SUDS’ double bill production of Peter Schaffer’s Black Comedy and Tom Stoppard’s The Real Inspector Hound was an absolute joke. The lighting in Black Comedy was clearly under-rehearsed to the point of madness—all the scenes intended to be in darkness were well lit, and vice versa. As a result, watching character’s stumbling around in the light was completely unrealistic. What’s more, I was appalled to note that, during The Real Inspector Hound, two of my fellow reviewers not only spoke through the entire play, but had the audacity to join the stage. To be frank, the whole evening was nothing short of a complete farce.
All self indulgent jokes aside, “Black Hound” is a delightful evening. It is refreshing to see SUDS return to straight comedy after a number of more serious dramas, and co-directors Bennett Sheldon and Peter Walsh have done so in an exciting way, attempting to incorporate the modern into these two classics.
Despite a somewhat subdued audience, the humour hits most of its marks. Some minor issues in pacing occurred and as such certain too-slow sections of The Real Inspector Hound fell somewhat flat. These moments, however, were overshadowed by the wonderful absurdity of the play—the cast and crew have done well in letting the wit of Stoppard’s writing shine through, without dressing it up.
Black Comedy was by far the more polished of the two plays—despite a minor accident wherein half the set nearly fell down, which was handled well by cast members. Clemmie Williams as Brindsley is highly compelling throughout the play, and her oftentimes wordless hilarity is a wonderful focal point for the play. The physical comedy here is outrageous without feeling gimmicky, and as much as I cackled every time Alexander Richmond (Colonel, Birdboot) toppled out of his rocking chair, the strength of the direction in this play lies in the establishment of fleshed-out character work.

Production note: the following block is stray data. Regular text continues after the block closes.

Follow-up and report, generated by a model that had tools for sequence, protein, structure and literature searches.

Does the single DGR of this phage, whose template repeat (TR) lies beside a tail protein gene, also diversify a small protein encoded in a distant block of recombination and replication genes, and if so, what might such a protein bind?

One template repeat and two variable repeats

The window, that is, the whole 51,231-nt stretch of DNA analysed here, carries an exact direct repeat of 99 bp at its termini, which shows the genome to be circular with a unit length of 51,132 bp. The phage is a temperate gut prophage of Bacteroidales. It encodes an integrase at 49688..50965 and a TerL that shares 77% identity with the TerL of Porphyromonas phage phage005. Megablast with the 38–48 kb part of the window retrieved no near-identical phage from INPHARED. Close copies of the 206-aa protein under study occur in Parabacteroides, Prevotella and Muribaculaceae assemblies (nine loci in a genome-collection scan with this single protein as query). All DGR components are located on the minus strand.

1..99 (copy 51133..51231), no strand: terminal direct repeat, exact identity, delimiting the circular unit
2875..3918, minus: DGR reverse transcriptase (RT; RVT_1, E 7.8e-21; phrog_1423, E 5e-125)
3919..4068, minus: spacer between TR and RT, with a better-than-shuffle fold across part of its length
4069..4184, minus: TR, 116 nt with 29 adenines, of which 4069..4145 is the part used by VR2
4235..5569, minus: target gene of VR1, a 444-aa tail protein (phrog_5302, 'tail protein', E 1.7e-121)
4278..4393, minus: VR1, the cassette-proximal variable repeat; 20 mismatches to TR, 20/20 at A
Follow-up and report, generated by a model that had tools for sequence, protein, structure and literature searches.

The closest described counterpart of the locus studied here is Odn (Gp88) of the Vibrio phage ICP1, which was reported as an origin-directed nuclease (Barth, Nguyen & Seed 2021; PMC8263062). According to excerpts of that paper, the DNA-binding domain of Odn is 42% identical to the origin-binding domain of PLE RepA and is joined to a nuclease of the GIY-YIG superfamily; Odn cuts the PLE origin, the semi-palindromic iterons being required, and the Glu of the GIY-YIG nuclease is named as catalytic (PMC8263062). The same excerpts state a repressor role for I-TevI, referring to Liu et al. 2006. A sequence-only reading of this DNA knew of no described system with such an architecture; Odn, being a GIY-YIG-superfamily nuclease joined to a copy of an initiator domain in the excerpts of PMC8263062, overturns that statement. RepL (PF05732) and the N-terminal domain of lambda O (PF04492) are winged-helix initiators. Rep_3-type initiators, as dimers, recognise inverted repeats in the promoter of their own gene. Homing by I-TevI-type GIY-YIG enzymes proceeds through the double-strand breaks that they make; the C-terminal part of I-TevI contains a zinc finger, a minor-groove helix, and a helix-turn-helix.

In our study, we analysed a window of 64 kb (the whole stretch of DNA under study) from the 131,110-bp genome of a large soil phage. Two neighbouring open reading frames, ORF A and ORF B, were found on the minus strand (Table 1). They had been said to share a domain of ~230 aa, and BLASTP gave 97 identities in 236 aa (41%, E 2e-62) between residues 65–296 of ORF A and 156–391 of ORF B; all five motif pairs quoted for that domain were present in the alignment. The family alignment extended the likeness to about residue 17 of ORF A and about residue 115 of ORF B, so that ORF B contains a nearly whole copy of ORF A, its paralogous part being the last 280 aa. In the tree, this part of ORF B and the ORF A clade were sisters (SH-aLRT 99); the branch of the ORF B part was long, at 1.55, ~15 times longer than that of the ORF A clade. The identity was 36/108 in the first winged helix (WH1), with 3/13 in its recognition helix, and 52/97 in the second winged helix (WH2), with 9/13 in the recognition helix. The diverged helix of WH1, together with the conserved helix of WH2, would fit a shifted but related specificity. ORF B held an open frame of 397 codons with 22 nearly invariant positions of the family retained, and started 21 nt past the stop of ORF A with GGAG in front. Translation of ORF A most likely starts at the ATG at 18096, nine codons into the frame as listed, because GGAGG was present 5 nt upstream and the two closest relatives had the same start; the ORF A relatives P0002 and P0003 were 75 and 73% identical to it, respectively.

The actors are transformed from the first play to the second, highlighting the versatility of each performer. Georgia Britt (Furnival, Felicity) and David Quaglia (Schuppanzigh, Magnus) are practically unrecognisable in their dual roles.
If anything, the main fault of Black Hound is that it aims too high. The production is a very ambitious one, and one which incorporates a number of ambitious elements, including most notably the camera and projection screen and the set, a quasi-recreation of the much-missed Cellar Theatre. These lofty goals are in moments just missed—there a few ill-timed sound and lighting cues throughout, and the projection is blurred for much of the beginning of The Real Inspector Hound, as well as being placed where such that it becomes counter-productive to look at in certain scenes—with a cast this strong, this distraction feels unnecessary. When these goals are missed—when the real world peeks around the tottering grey side wall—the fragile world inside is threatened, the audience’s immersion briefly lost. But it is the wacky levity of these two plays that allows the production to roll with these small setbacks and come out the other side unscathed.
“Black Hound” is, on the whole, a delightfully chaotic evening. One almost thinks that the whole set falling down wouldn’t have changed or troubled a thing.